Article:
Monday, January 5, 2009

The rest of the ax... forcefully self-sufficient

Well, today we got the news that I was afraid would be coming, my husband is officially laid off. I, being self-employed as a painter (art not houses) am also having a very slow income time because the people that usually would buy art are either broke, or hoarding all their money so they don't become broke too. So what better opportunity to put my self-sufficiency skills to work. Mind you they won't pay the hospital bill, the mortgage, our car payment etc, but they might 'pay' the food bill, the clothing bill and lower some other bills like electricity.

Of course we are both going to be looking for some paycheck work and hopefully our small savings will tide us over this rough patch. We realize that the economy sucks and we're likely going to be taking jobs our college educations will go unused at, but maybe being forced to be very productive in our gardening etc. will be rewarding enough to make up for that.

Luckily, I have all those great heirloom seeds coming in the mail. That gives me something to look forward to, and I don't feel guilty about having bought them since they'll be put to very good use. For those of you that are in the Phoenix area and don't feel like starting your own seeds indoors in January, I expect to have a few extra seedlings of interesting and productive varieties of tomato, peppers and eggplants mostly. You can contact me here and/or also I'll bring them down to the Saturday downtown farmers market at the Permaculture booth in a few weeks when it's transplant time. They will be cheap, and if you happen to represent my bank, they will be available for mortgage bartering.

I don't mean for this to be a downer post. My mom is encouraging me to view this as a great opportunity. I think opportunity would be a word more suited for an occasion where you are given 2 weeks and a hundred dollars to make a fantastic present for a friend. This is more of fear-based initiative, where the car's going to blow up so I better figure out how to utilize my gum, ball point pen and paperclip to avoid catastrophe. Although, I suppose that's a sort of opportunity too...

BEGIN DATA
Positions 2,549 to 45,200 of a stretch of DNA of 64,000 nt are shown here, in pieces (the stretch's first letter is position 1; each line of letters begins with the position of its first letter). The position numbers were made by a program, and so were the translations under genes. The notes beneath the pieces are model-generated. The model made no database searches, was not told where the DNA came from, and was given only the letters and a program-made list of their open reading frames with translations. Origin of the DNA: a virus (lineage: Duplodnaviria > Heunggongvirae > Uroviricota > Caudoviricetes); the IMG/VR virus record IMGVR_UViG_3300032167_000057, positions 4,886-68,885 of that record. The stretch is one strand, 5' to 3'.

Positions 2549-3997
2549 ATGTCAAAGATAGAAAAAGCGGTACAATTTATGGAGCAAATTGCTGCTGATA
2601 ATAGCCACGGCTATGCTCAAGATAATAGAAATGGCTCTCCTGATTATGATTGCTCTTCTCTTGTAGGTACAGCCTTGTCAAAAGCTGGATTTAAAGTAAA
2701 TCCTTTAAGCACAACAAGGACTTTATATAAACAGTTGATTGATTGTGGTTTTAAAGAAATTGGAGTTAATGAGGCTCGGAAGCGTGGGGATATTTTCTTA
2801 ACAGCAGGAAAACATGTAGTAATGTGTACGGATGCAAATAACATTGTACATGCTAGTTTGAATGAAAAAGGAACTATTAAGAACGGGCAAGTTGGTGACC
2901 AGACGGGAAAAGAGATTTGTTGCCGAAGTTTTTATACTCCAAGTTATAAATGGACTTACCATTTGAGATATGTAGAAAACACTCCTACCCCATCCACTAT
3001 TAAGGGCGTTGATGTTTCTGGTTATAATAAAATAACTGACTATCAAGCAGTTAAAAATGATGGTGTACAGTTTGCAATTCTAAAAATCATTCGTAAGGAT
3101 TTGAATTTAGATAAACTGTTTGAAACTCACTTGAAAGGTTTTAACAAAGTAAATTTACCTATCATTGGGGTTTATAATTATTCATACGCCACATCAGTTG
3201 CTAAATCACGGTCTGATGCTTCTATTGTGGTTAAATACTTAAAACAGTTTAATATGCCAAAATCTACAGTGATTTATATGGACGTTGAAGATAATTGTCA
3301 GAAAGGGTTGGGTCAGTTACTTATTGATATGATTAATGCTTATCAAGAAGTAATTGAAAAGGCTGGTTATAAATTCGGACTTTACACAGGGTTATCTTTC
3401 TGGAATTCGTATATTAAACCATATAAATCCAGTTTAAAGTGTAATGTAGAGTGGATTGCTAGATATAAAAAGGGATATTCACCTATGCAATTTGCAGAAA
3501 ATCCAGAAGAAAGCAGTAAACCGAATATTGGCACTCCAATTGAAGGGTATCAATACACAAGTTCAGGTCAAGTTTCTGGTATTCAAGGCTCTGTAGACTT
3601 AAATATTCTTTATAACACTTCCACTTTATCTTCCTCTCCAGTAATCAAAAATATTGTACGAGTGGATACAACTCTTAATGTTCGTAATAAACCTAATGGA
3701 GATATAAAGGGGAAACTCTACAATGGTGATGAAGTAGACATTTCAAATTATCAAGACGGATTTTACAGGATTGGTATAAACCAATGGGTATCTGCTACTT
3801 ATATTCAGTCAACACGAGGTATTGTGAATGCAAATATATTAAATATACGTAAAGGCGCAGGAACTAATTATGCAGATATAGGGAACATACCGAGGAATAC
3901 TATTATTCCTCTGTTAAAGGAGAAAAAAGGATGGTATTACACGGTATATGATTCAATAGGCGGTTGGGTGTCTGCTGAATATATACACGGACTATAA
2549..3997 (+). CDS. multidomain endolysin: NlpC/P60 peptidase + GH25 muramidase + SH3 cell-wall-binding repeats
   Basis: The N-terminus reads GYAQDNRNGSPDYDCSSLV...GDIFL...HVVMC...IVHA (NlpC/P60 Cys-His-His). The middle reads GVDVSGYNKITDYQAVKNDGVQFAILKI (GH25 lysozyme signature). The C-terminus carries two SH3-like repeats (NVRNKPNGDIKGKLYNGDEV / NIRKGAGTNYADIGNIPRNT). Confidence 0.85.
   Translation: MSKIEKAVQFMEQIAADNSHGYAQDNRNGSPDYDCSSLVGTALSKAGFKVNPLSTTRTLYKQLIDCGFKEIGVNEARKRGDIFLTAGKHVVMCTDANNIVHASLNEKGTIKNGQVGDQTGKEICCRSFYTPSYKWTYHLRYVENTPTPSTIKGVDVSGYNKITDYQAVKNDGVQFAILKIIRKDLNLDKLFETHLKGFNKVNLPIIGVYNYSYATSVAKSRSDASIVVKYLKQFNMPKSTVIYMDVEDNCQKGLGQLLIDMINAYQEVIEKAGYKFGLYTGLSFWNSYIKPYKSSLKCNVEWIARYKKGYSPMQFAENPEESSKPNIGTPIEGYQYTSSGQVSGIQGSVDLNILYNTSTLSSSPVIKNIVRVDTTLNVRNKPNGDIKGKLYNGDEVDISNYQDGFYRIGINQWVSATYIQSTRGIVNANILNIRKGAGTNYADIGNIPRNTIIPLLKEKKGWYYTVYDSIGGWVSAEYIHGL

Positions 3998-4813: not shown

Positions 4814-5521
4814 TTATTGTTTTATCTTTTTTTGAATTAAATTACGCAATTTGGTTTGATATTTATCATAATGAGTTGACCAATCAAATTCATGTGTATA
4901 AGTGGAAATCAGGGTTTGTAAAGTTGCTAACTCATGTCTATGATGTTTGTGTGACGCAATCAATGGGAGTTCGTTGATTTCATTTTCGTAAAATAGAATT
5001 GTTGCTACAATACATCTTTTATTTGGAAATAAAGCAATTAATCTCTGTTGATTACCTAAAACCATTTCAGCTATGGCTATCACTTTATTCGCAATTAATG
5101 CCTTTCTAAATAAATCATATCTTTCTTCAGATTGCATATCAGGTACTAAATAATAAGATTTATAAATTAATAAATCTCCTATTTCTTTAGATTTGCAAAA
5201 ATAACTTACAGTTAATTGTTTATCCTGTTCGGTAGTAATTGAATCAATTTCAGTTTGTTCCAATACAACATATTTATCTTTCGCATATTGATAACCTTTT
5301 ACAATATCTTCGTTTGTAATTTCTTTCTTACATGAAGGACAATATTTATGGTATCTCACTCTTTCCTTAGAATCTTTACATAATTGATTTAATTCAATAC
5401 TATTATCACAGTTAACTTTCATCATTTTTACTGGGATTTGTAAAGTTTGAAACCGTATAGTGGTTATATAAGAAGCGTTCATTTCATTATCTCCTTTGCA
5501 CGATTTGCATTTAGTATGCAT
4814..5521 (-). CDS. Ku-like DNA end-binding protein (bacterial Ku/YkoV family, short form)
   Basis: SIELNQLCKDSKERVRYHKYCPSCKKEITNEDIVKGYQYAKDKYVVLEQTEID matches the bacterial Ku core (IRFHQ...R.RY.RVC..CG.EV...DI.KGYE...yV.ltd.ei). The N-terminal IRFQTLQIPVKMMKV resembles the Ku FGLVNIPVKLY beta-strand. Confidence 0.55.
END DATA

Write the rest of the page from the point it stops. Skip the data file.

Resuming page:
3 comments:

Mo said...

Well done for being positive at all, not an easy situation, and I wish you all the best of course!

I would definitely be interested in purchasing some of those transplants as well. Please let me know which Saturday you will be at the market.:)

Chiot's Run said...

Mr Chiots and I had a similar difficulties 7 years ago and now that we look back it was one of the best things that ever happened to us. It spurred events that eventually led to the start of our business and ending up in our current location.

It was a tough time, but I think that during those tough times is when you grow the most if you allow yourself to see it as an apportunity for growth rather than a result of bad luck.

I'll be interested to see what transpires during this time you you guys (as well as seeing how well the gardens do for food production).

AJK said...

Oh boy! I'm sorry about your husband's layoff. We are still on one income as well. Our income was cut to 1/3 when I was laid off. We're moving in to my Mom's and compbining forces. She gardens as well, and we are exanding our veggie patch. We hope to make the best of the situation and grow as much of our food at home, since we have a very long growing season as you do. Best of Luck in your Self-reliant livelyhood! With 10 hens, I'm sure you're not able to eat all their eggs, and you're probably planning on selling the excess for income. That'll be great! We're thinking of selling our excess veggies in the summer at the local Farmer Market.